1 Fire Protection Systems and Equipment Introduction HSB Professional Loss Control Two Crossroads Drive Bedminster, NJ The owners and operators of industrial plants, shopping centers, universities, hospitals, and similar large, complex facilities have a significant investment in fire protection systems and equipment. Fortunately, this hardware is seldom called upon to perform the job for which it was provided. However, when needed, it must perform flawlessly often to keep a small problem from becoming a disaster. Many plant engineers, risk managers and others responsible for facility operation do not adequately concern themselves with the inspection, testing and preventive maintenance (I,T & PM) of their fire protection systems and equipment. Downsizing has eliminated many of the people who had valuable experience and time available for this critical work, and it may now be performed poorly, if at all, by unqualified personnel. Insurance inspectors, who some facility operators expect to police this effort, are usually unable to spend the time necessary at every facility to make certain all of the fire protection systems and equipment are in top condition. The management of any facility is ultimately responsible for being aware of the requirements that apply to their particular systems, structures, occupancies and operations. This paper is provided as a planning tool to assist facility management in developing a comprehensive program of I,T & PM for fire protection systems and equipment. I,T & PM Requirements in the NFPA Standards Most of the NFPA standards contain recommendations for the type and frequency of I,T & PM activities. However, for the systems and equipment at any given facility, this information is probably scattered through a number of different standards, making it difficult to obtain an overview of all the work that needs to be accomplished or to evaluate alternative approaches. NFPA : Maintenance of Water-Based Fire Protection Systems is now included in the standards library. This very useful document pulls together the detailed I,T & PM recommendations in several existing standards, including those for fire pumps, private water supplies, standpipe and hose, and sprinkler systems of various kinds. It does not include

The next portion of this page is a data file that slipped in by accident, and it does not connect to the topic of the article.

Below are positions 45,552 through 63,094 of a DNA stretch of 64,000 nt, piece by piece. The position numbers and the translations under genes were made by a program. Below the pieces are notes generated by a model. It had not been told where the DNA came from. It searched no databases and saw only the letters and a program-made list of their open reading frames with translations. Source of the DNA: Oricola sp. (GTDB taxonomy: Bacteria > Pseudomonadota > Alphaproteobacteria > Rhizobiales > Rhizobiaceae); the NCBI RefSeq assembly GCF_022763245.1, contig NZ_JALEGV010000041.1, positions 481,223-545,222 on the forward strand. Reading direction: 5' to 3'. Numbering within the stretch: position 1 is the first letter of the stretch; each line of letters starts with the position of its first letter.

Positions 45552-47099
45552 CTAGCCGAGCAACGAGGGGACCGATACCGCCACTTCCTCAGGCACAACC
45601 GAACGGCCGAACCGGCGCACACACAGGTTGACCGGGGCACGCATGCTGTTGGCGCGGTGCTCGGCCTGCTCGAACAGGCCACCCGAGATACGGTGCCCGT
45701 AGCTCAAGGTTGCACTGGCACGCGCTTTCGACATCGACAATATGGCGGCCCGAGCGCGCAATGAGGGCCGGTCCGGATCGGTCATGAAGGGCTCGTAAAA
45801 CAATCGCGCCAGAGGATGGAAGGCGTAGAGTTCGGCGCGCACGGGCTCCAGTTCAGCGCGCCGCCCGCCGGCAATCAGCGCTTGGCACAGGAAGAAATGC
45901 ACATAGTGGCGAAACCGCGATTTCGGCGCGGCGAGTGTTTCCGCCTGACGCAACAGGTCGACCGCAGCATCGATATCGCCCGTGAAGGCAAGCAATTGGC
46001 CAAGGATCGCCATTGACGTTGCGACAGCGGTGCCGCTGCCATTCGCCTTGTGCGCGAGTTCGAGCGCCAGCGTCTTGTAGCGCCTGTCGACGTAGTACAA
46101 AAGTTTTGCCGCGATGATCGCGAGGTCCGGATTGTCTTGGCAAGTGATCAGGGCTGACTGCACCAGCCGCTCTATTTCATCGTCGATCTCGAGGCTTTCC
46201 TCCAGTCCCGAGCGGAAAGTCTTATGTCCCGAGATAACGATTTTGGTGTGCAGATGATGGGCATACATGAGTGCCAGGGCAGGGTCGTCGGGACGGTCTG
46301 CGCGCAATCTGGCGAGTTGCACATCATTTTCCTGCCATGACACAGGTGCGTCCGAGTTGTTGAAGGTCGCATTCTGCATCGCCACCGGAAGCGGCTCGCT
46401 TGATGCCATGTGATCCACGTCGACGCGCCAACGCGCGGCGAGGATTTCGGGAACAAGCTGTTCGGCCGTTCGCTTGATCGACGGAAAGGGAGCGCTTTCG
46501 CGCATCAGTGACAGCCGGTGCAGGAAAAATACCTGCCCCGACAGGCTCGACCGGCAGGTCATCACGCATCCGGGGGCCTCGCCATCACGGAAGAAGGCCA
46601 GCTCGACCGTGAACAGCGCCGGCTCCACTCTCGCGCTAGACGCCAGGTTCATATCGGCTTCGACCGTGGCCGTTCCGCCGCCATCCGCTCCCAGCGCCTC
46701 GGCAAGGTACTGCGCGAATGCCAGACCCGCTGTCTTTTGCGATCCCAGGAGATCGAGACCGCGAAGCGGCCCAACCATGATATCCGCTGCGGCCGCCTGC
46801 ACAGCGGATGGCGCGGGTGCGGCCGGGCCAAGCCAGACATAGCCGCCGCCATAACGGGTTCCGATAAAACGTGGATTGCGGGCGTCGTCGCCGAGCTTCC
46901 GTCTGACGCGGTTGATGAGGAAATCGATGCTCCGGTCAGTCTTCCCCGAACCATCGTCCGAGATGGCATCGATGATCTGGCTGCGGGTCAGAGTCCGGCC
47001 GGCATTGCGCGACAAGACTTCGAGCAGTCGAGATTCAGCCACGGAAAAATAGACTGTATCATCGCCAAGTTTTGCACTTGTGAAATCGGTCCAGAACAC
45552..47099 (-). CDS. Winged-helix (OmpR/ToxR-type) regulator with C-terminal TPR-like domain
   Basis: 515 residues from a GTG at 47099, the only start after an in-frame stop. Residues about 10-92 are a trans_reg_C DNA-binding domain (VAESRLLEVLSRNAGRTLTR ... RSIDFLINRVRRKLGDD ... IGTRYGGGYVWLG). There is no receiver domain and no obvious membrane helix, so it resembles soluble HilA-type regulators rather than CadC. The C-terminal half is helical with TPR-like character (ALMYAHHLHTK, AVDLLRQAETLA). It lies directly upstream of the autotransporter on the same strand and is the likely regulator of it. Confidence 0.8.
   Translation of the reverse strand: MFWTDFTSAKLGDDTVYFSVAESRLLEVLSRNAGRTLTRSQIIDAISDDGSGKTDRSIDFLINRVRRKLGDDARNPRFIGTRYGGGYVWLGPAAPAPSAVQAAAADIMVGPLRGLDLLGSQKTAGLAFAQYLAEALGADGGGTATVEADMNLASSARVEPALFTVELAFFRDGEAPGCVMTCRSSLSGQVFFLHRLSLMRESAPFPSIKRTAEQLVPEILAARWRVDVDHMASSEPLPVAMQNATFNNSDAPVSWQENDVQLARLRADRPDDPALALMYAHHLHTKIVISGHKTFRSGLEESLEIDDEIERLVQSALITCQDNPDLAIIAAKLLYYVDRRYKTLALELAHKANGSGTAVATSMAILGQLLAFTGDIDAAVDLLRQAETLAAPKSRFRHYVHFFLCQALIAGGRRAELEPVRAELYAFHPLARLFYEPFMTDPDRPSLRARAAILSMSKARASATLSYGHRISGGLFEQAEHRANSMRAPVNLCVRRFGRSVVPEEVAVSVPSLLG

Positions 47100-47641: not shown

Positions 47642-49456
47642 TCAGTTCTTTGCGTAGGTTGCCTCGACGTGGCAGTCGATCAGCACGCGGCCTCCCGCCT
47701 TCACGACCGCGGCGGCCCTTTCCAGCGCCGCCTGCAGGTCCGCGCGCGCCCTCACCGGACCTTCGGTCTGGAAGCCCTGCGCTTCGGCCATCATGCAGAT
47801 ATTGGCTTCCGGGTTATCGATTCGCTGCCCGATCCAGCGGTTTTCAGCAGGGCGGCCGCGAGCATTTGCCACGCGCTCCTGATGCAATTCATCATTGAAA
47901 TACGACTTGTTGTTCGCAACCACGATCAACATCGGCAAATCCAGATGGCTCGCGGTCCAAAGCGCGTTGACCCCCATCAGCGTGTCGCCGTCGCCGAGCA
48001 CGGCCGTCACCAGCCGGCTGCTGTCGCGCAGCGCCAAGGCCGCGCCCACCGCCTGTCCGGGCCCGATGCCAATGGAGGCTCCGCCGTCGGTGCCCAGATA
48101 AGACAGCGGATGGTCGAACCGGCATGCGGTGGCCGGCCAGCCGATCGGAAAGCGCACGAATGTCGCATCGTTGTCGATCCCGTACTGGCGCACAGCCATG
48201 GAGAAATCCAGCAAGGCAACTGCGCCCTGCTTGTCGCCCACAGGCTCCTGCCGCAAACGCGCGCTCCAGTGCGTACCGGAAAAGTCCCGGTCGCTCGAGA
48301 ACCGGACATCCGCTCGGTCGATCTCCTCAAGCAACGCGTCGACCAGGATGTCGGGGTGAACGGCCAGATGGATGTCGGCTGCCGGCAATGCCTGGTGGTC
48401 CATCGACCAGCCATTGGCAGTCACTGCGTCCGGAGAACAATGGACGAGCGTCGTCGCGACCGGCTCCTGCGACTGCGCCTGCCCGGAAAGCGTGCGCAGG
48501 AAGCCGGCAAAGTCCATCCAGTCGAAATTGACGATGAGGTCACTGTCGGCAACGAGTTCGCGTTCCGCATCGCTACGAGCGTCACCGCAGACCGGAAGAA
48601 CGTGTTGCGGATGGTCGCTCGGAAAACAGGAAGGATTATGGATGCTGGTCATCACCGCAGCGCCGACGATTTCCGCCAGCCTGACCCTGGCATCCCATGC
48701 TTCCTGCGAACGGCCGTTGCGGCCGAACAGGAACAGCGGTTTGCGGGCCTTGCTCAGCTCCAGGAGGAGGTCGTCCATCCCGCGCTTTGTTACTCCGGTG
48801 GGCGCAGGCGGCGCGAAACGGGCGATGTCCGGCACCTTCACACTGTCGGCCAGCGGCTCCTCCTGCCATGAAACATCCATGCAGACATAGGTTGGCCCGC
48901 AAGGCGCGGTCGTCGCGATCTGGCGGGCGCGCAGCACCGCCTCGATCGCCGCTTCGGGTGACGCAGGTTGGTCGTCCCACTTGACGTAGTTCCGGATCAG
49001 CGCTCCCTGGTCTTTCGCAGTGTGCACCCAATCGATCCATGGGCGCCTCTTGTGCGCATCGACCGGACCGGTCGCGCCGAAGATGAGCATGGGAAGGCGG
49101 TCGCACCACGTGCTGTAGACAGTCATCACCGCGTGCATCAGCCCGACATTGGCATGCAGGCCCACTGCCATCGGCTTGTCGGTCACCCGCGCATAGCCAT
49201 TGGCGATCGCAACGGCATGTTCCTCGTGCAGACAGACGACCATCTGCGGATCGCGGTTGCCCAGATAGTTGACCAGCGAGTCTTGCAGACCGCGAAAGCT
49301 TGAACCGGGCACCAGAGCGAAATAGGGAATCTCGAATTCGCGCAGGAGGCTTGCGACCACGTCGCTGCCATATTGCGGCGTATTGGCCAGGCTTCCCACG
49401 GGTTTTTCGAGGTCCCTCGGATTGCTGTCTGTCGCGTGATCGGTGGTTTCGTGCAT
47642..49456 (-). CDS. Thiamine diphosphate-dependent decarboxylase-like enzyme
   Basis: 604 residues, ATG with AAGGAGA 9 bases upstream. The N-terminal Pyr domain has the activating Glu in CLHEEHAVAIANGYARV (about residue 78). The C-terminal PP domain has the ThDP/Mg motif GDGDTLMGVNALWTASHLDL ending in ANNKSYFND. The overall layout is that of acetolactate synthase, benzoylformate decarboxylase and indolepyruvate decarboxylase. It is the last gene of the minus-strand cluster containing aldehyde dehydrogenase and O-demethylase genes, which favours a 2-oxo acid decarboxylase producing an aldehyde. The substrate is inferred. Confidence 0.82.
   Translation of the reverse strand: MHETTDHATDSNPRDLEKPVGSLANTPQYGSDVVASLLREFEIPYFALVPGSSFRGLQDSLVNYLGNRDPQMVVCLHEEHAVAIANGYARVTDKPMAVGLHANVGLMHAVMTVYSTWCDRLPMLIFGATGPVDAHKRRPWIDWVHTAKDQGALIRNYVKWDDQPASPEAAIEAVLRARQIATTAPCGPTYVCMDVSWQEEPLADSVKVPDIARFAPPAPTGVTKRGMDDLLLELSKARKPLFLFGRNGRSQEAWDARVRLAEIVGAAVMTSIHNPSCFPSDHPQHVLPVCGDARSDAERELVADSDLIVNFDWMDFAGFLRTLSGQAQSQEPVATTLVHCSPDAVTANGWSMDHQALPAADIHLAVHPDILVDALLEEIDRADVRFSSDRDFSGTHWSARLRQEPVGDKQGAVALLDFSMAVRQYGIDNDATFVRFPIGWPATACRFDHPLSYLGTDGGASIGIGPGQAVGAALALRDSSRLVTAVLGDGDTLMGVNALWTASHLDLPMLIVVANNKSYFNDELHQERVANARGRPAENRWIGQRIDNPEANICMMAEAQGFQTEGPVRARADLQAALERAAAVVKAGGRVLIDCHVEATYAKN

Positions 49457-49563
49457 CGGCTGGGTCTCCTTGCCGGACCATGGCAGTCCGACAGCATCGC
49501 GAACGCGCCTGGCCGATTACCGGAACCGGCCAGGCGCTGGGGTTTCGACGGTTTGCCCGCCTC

2 Page 2/14 suppression systems using gaseous and chemical agents, portable fire extinguishers, exit components, detection and alarm systems, in-plant fire apparatus, and other systems and equipment often included in the fire protection mix of a particular facility. The table in this paper contains an overview of NFPA recommendations for I,T & PM on the most frequently encountered fire protection systems and equipment as an aid for planning and scheduling these activities. It includes the recommendations from a total of 23 current NFPA standards. Note: The table is only a summary and the specific standards referenced should be consulted for critical details that were not included so that the document remained of manageable size. The various recommendations have been arranged, edited and, in some cases, interpreted to provide a useable planning tool. Most of the recommendations are located in the main body of the referenced standards; however a few are in appendices. The tabulation does not include acceptance testing or recommendations in many other NFPA standards related to specific occupancies, specific hazards or fire service equipment. Although reasonable effort was made to ensure the tabulation is accurate and complete for the standards listed, this is not guaranteed. Type and Frequency of I,T & PM Activities Taking a critical look at the I,T & PM needed for a particular facility, and at what intervals, is likely to be a challenging task. The frequency of these activities tends to be more controversial than their nature. Most would agree that a fire pump should be periodically tested to see whether it will start automatically, since this is an expensive and critical piece of equipment to let sit idle year after year and hope it will work if it is ever needed. But whether such a test should be performed every day, week, month, year or millennium is not as easily established. The recommendations contained in the NFPA standards obviously provide a very important reference point. However, these standards come from the consensus process in which many interests and experiences are represented, including those of property owners, insurers, public officials, emergency responders, suppliers of the systems and equipment, and servicing contractors. Many of the recommendations in the NFPA standards are based on a combination of tradition and anecdotal experience and are pretty much of a one size fits all variety without particularly recognizing variations in conditions at different facilities. This is not to say the recommendations contained in the NFPA standards are inappropriate, only that they are not tailored to a specific facility and do not usually have a rigorous statistical or probabilistic basis. Although the NFPA standards are widely accepted and referenced, local, state or Federal agencies with regulatory authority may have specific requirements that differ from the NFPA recommendations. Particular insurance carriers may also have different criteria, and manufacturer s recommendations or site conditions can influence activities or frequencies. Unless specific requirements of a regulatory agency or an insurance underwriter exist, facility specific I,T & PM criteria can be developed if they can be based on appropriate risk-based / reliability-centered techniques. Be advised,